Football is probably the only market in the world where humans are traded on this magnitude. As the English Premier League exceeds more than £1 billion this transfer window, and with all the money trading hands, we look at what actually goes into these deals:
What does a transfer actually cost?
When you consider every aspect that is included in a football transfer; the wages, the bonuses and those controversial agent fees, it becomes a lot more than just a headline figure.
The starting point
The transfer is the first port of call. If we use the world record signing of Manchester United midfielder Paul Pogba from Juventus for £90 million as an example, you will see why this transfer took all summer to complete.
Luckily for Manchester United, Britain is still part of the EU (despite Brexit). If we were not part of the EU, then they would have to add another 20% standard rate VAT on top of all domestic transfers. However, there is still a Football League transfer levy of 5%. Which equates to about £4.5 million.
The Signing On Fee
Next, comes the signing on fee, and if the player doesn’t request to move to the club himself, then they will usually claim 10% of the transfer fee. That is a cool £9 million for Pogba.
Usually, with a contract of this scale, it will be packed with clauses and bonuses. For a box to box midfielder like Pogba, the bonuses in his contract may include a couple of thousand pounds for each assist or clean sheet. For winning the league with Manchester United he is likely to earn a few more million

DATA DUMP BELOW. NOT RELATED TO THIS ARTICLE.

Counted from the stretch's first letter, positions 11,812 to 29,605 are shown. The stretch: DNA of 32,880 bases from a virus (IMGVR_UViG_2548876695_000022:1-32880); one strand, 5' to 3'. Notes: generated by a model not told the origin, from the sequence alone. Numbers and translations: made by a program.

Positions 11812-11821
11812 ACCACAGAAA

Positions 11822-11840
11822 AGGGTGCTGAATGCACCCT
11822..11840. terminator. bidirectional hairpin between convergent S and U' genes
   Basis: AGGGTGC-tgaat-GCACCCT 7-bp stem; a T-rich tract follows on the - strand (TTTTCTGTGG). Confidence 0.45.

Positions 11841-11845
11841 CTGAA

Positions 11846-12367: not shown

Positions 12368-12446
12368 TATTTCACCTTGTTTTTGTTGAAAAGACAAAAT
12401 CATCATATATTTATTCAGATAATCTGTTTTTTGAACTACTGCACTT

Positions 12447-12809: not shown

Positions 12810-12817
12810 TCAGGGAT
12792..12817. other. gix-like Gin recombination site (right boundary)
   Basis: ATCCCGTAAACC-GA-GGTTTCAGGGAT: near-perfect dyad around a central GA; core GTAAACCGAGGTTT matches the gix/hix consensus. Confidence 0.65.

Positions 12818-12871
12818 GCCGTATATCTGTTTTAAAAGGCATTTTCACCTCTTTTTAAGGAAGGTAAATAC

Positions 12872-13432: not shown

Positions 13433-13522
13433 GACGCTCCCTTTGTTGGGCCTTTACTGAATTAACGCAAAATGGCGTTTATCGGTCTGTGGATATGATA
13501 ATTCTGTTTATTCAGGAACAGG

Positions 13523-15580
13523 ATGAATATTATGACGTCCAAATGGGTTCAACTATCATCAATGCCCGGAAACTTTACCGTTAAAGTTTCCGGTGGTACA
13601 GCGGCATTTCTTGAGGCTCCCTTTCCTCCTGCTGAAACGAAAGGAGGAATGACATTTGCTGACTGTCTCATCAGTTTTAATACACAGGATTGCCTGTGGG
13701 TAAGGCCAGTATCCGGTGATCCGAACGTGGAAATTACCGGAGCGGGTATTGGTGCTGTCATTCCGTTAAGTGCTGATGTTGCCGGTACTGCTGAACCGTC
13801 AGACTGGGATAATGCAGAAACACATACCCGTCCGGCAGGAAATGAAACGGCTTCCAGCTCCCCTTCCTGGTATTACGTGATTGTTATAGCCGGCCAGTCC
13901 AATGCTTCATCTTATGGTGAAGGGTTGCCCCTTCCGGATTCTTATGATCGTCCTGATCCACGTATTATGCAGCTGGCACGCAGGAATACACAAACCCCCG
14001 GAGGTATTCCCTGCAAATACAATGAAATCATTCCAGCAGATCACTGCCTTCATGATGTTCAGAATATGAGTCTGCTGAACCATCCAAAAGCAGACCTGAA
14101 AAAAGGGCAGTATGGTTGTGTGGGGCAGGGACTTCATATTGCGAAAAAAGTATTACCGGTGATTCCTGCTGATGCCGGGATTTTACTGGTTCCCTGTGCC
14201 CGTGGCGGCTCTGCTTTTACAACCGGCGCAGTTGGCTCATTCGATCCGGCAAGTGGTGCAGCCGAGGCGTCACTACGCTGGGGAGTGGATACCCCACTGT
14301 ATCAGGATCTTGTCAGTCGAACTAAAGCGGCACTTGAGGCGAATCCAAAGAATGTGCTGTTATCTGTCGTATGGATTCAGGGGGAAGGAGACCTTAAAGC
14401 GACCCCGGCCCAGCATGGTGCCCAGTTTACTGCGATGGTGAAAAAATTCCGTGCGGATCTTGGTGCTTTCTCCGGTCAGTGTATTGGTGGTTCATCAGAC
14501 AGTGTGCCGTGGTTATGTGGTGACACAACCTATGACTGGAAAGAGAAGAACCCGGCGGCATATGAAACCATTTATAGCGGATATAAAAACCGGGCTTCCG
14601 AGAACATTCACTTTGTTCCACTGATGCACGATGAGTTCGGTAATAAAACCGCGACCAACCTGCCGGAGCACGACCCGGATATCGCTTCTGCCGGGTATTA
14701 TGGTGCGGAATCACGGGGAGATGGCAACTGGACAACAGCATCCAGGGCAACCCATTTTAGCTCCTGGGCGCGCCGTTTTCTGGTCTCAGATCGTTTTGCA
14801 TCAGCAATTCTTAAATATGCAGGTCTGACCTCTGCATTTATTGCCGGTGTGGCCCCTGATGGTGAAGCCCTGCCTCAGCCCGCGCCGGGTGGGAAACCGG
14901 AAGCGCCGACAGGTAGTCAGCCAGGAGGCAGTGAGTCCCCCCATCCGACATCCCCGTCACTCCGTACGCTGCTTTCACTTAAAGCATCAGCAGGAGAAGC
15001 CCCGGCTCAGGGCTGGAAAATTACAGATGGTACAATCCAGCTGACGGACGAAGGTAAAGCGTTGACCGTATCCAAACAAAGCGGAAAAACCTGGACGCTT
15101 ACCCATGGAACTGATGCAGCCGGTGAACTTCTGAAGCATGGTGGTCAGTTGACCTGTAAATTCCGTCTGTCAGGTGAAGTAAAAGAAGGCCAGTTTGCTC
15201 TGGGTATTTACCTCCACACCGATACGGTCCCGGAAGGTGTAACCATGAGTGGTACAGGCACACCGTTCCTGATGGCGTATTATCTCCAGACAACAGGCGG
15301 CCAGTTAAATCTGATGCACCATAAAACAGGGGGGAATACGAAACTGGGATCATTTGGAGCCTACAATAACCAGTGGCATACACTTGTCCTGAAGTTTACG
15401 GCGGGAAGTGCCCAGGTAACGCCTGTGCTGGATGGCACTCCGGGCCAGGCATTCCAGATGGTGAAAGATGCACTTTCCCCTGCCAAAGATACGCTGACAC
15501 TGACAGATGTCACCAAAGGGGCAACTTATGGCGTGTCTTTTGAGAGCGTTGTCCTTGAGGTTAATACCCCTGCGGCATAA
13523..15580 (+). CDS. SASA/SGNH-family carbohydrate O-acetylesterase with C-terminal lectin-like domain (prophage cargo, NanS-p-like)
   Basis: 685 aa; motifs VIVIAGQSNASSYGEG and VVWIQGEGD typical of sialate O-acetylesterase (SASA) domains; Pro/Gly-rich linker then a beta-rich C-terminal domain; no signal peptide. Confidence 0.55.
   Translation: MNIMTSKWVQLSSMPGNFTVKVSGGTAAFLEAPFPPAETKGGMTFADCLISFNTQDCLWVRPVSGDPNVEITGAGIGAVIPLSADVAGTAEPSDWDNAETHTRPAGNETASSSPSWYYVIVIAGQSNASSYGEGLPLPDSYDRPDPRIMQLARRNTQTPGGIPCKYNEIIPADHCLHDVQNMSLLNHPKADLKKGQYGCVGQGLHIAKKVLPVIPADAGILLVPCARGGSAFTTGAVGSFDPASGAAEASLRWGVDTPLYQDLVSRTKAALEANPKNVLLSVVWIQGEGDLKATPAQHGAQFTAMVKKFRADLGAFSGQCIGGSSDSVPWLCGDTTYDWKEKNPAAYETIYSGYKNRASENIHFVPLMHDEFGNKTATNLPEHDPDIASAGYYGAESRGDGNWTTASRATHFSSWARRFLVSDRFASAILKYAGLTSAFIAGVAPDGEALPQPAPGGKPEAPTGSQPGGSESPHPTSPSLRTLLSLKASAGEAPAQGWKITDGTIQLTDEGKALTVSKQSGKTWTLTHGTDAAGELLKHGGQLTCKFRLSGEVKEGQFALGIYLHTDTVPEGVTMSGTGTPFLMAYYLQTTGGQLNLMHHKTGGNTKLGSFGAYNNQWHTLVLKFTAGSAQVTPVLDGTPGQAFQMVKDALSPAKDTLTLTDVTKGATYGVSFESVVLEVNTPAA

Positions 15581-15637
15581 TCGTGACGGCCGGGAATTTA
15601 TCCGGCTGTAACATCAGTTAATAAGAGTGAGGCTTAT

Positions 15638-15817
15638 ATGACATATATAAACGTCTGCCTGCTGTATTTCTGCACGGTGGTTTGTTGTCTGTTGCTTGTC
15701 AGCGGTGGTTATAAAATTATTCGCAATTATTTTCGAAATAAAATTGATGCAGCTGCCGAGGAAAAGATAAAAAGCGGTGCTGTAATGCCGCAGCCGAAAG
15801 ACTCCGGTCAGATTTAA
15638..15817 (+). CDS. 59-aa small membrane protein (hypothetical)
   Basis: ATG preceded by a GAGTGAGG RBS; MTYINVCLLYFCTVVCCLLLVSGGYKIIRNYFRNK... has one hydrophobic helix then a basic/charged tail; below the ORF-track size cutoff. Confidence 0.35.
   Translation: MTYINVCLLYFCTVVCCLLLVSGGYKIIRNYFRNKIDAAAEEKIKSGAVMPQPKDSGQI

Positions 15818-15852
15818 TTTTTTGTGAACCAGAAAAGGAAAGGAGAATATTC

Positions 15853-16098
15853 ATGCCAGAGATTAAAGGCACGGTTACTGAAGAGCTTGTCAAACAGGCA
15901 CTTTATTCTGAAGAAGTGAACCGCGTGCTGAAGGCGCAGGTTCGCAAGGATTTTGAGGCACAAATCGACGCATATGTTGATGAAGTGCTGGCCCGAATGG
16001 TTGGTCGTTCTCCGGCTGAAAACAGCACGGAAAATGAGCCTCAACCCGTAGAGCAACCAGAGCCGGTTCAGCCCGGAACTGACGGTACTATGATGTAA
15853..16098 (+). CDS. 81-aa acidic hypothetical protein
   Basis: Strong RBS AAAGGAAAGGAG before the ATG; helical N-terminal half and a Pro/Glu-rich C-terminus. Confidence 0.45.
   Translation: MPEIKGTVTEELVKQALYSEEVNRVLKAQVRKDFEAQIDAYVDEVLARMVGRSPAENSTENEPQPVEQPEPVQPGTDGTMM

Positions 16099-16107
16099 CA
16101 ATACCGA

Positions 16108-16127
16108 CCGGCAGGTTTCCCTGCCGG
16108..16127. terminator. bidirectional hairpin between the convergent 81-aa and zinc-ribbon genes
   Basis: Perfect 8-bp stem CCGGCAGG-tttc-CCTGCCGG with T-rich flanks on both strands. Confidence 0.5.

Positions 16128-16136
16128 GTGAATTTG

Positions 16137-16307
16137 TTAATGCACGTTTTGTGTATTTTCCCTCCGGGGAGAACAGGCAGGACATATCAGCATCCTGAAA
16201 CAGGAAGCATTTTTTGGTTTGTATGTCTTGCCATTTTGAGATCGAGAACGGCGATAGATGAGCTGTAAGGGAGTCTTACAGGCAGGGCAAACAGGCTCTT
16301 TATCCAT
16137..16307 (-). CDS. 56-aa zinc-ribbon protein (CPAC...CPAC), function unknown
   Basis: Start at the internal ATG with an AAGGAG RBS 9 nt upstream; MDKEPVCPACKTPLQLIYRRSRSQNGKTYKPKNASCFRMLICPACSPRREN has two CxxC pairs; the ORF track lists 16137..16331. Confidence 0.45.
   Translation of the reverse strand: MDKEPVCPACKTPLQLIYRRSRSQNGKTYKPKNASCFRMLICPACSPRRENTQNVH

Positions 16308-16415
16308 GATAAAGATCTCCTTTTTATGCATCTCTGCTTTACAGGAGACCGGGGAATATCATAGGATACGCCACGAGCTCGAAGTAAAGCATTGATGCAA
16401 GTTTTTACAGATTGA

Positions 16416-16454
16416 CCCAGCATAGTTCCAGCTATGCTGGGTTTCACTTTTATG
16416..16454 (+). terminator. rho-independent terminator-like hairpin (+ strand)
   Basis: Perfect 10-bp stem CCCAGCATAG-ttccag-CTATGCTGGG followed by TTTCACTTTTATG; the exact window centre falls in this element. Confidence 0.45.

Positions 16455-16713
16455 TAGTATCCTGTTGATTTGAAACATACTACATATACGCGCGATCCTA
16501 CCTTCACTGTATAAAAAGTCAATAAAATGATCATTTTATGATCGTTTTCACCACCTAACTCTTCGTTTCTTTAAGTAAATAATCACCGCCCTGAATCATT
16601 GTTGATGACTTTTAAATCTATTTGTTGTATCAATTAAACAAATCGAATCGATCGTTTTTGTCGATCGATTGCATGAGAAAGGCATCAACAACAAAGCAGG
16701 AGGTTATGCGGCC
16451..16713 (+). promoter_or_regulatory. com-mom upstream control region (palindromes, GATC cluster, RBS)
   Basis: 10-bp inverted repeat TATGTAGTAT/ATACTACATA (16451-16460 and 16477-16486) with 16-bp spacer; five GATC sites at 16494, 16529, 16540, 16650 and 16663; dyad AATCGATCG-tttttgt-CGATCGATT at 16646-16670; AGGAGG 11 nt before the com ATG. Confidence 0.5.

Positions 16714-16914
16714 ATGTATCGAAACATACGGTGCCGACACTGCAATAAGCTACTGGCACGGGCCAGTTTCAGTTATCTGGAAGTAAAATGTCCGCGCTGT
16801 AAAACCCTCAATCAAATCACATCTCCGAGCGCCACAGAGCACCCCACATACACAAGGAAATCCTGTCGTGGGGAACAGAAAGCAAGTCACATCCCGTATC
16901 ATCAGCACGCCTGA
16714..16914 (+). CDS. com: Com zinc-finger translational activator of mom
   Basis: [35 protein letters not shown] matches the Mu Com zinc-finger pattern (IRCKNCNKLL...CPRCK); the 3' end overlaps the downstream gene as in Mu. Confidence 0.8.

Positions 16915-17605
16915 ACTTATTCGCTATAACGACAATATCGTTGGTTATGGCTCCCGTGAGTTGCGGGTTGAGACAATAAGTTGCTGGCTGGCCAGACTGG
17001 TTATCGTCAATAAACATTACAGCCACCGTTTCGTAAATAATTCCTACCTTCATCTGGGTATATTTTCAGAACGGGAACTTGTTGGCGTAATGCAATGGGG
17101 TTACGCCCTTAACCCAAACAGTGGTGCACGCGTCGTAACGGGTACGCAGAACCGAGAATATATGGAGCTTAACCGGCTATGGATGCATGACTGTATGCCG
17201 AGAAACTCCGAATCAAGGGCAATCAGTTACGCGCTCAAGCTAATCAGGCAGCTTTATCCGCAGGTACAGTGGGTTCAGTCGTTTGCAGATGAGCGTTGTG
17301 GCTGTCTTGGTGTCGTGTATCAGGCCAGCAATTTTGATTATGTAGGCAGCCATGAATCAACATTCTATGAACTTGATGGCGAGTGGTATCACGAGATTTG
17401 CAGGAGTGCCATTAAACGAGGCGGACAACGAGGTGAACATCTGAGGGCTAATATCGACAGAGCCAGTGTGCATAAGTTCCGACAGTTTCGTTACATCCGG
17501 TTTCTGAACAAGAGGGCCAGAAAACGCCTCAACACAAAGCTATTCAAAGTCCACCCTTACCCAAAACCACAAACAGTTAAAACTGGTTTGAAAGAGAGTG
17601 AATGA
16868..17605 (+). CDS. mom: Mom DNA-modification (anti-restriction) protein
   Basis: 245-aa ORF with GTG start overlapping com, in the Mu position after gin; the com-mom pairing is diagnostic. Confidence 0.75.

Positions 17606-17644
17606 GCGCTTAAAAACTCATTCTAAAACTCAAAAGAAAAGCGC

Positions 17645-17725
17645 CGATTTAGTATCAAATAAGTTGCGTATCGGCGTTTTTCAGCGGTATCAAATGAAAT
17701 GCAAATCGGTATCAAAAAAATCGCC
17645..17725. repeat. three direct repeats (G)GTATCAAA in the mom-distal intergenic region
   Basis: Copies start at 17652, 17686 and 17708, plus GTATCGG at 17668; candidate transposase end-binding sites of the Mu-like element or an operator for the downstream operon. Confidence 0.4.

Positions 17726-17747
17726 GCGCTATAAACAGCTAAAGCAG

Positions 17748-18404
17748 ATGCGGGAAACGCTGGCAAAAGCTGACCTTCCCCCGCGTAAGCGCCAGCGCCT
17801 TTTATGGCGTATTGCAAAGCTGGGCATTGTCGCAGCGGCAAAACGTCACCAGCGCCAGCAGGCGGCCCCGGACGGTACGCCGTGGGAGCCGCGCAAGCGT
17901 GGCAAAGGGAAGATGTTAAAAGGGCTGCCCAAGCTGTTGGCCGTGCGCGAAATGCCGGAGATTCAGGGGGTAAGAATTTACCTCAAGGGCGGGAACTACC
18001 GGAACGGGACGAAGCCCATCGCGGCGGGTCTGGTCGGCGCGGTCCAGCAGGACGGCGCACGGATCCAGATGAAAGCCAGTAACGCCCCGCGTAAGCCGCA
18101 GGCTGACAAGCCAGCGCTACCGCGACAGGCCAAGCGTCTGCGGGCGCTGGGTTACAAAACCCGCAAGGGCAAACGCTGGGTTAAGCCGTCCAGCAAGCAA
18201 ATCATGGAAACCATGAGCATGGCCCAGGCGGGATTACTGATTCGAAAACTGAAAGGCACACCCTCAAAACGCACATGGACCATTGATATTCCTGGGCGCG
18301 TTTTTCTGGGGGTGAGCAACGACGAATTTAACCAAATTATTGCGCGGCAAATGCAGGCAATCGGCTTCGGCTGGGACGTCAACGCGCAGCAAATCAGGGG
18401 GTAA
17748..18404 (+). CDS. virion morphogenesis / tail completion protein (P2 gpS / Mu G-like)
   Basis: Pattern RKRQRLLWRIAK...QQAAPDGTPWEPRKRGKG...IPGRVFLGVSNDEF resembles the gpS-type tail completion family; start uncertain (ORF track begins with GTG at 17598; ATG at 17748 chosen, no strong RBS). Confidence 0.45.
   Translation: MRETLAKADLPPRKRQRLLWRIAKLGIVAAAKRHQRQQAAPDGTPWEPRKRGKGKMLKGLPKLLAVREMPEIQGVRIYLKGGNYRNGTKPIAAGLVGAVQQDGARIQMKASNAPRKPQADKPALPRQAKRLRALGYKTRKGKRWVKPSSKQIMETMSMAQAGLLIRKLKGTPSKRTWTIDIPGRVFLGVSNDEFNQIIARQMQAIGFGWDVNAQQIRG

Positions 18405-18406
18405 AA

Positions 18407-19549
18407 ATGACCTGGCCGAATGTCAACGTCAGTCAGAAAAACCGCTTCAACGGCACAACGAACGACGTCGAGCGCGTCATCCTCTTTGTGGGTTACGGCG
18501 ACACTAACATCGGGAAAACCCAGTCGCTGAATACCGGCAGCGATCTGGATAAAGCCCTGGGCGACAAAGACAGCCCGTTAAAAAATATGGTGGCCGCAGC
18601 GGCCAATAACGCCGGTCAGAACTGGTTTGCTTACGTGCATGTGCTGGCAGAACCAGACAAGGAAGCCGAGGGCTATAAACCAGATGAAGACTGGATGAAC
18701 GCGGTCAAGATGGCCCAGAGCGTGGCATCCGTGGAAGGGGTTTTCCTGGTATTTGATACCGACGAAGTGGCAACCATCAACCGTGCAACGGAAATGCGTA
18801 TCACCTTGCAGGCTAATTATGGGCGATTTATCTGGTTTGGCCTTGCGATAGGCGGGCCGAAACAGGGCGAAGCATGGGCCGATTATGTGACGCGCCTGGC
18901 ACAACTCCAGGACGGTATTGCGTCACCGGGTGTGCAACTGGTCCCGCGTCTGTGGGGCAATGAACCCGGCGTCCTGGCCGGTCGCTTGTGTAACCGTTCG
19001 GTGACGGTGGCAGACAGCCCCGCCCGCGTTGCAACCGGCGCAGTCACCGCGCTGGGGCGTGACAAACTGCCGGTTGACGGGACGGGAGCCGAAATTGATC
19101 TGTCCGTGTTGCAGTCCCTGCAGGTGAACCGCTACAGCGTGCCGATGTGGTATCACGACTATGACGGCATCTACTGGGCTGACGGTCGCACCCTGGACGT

With these bonuses and signing-on fees, Pogba would have earned over £10 million before he had even kicked a ball for Manchester United.
What about the wages?
What usually happens with wages is:
Whatever the original transfer fee is, you then project that once again over the course of the contract, in this case, 5 years. It means Pogba is earning a staggering £220,000 a week- after tax.
However, for a free agent like Pogba’s teammate Zlatan Ibrahimović, the wage process becomes more complicated. Big name free transfers like Ibrahimović usually command a huge wage anyway, and because they are free, the money saved from the national saving also goes into their wages.
On top of this, because football clubs are businesses, and the players are their employees, it means the clubs also have to pay another 13% in national insurance contributions on that wage packet.
Not only does the agent haggle for every bonus imaginable, they are also going to want their share of this mammoth and complex money deal. In the case of Paul Pogba, the agent fee appeared to be a long and drawn out final hurdle, which his agent ultimately walked away with £20 million.
The Final Perks
Here are just a few of the perks Pogba can expect from his deal:
- Loyalty Bonuses
- First class travel
- A free Chevrolet (Manchester United’s sponsors)
It’s hard to say how much the Pogba transfer cost overall. But with the transfer, wages, bonuses and agent fees, it’s fair to assume it is well over £200 million. Not bad for a 23- year old.